How common is Freeman Sheldon Syndrome?

How common is Freeman Sheldon Syndrome?

Freeman-Sheldon syndrome is one of a group of disorders that are associated with multiple congenital contractures (MCCs). MCCs occur in approximately 1 in 3,000 children.

Is having a small mouth genetic?

The Experts: Microstomia is defined as the congenital or acquired con- dition of an abnormally small mouth. Common causes of acquired microstomia are facial burns and progressive skin disorders such as scleroderma. Congenital causes in- clude many syndromes that can have a genetic inheritance or sporadic genesis.

What is Sheldon Hall syndrome?

Sheldon-Hall syndrome, also known as distal arthrogryposis type 2B, is characterized by joint deformities (contractures) that restrict movement in the hands and feet. People with this condition may also have distinctive facial features, extra folds of skin on the neck, and short stature.

What does arthrogryposis mean?

Arthrogryposis, also called arthrogryposis multiplex congenita (AMC), is a term used to describe a variety of conditions involving multiple joint contractures (or stiffness). A contracture is a condition where the range of motion of a joint is limited. It may be unable to fully or partially extend or bend.

How many children are affected by Freeman Sheldon syndrome?

Can you get malignant hyperthermia with Freeman Sheldon syndrome?

Additionally, some types of anesthesia administered to people with Freeman-Sheldon syndrome may trigger malignant hyperthermia which can be an acute life threatening condition. It is therefore important for surgeons and dentists to be aware that certain types of anesthesia should be avoided in individuals with Freeman-Sheldon syndrome.

Can a mutation in MYH3 cause Freeman Sheldon syndrome?

There is an increased risk for individuals with this disorder to develop a severe reaction to certain drugs used during surgery (malignant hyperthermia). Freeman Sheldon syndrome can be caused by mutations in the MYH3 gene; however, not all individuals have a mutation within this gene.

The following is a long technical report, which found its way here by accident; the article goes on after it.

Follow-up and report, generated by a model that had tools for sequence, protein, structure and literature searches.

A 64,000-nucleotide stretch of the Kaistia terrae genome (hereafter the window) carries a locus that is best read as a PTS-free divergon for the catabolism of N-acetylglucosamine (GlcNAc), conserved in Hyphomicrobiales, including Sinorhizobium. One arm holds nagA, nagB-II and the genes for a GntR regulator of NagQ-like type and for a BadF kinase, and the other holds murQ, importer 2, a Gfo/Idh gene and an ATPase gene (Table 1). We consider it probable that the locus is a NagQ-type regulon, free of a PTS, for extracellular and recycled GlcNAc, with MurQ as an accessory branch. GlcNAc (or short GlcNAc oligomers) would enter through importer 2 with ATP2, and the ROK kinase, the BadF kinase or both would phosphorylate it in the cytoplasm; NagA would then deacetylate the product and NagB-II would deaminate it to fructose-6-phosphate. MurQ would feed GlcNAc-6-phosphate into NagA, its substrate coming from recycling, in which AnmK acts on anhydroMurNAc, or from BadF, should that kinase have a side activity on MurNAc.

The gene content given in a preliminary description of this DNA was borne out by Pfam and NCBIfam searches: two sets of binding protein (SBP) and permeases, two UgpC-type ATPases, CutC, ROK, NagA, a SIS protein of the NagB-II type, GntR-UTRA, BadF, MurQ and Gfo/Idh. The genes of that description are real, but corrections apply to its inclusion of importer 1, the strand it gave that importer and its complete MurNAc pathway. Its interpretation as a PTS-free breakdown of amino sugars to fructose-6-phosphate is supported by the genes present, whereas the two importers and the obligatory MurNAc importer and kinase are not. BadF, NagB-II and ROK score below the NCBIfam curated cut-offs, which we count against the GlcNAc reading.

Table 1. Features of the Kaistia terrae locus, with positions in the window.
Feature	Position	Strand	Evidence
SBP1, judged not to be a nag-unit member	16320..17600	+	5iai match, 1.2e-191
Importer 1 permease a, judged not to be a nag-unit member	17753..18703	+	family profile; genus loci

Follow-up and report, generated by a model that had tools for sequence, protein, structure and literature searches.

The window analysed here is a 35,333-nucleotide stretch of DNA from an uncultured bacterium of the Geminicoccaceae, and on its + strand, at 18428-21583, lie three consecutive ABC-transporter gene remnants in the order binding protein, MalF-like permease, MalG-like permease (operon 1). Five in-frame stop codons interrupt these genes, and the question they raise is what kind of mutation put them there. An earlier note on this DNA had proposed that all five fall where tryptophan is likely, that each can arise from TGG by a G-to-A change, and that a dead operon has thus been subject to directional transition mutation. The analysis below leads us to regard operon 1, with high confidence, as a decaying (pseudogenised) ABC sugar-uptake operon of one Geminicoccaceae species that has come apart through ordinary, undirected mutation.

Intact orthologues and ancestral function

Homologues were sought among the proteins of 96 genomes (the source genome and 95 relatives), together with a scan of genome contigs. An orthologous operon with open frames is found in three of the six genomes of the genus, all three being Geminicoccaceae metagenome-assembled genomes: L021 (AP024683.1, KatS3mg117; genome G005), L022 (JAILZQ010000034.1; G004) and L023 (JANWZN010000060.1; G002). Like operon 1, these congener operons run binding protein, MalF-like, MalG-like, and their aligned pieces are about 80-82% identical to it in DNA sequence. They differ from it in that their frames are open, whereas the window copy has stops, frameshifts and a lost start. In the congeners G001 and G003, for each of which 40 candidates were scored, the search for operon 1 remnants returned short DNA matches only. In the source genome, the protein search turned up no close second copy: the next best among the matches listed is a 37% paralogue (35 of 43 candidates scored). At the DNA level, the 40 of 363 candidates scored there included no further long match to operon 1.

Why do people with Freeman Sheldon syndrome whistle?

Craniofacial abnormalities may consist of characteristic facial features that cause the individual to appear to be whistling. These features include an extremely small puckered mouth (microstomia); a “full” forehead appearance, unusually prominent cheeks; and thin, pursed lips.

What are the mutations in Freeman Sheldon syndrome?

Freeman-Sheldon syndrome is a rare disorder; its exact prevalence is unknown. Freeman-Sheldon syndrome may be caused by mutations in the MYH3 gene. The MYH3 gene provides instructions for making a protein called embryonic skeletal muscle myosin heavy chain 3.

What’s the life expectancy of someone with Freeman Sheldon syndrome?

Otherwise, life expectancy for those with FSS is measured to be normal when general health maintenance is followed. Life span and intelligence with FSS are normal. But swallowing difficulties as well as vomiting can lead to failure to thrive during infancy and in some cases retarded growth can occur.

What do eyes look like with Freeman Sheldon syndrome?

These may include widely spaced eyes ( hypertelorism ), deep-set eyes, outside corners of the eyes that point downward (down-slanting palpebral fissures), a narrowing of the eye opening ( blepharophimosis ), droopy eyelids (ptosis), and eyes that do not look in the same direction (strabismus).

What makes a person have Sheldon Hall syndrome?

People with this condition may also have distinctive facial features, extra folds of skin on the neck, and short stature. Intelligence and life expectancy are not usually affected. Sheldon-Hall syndrome can be caused by mutations in the MYH3, TNNI2, TNNT3, or TPM2 gene.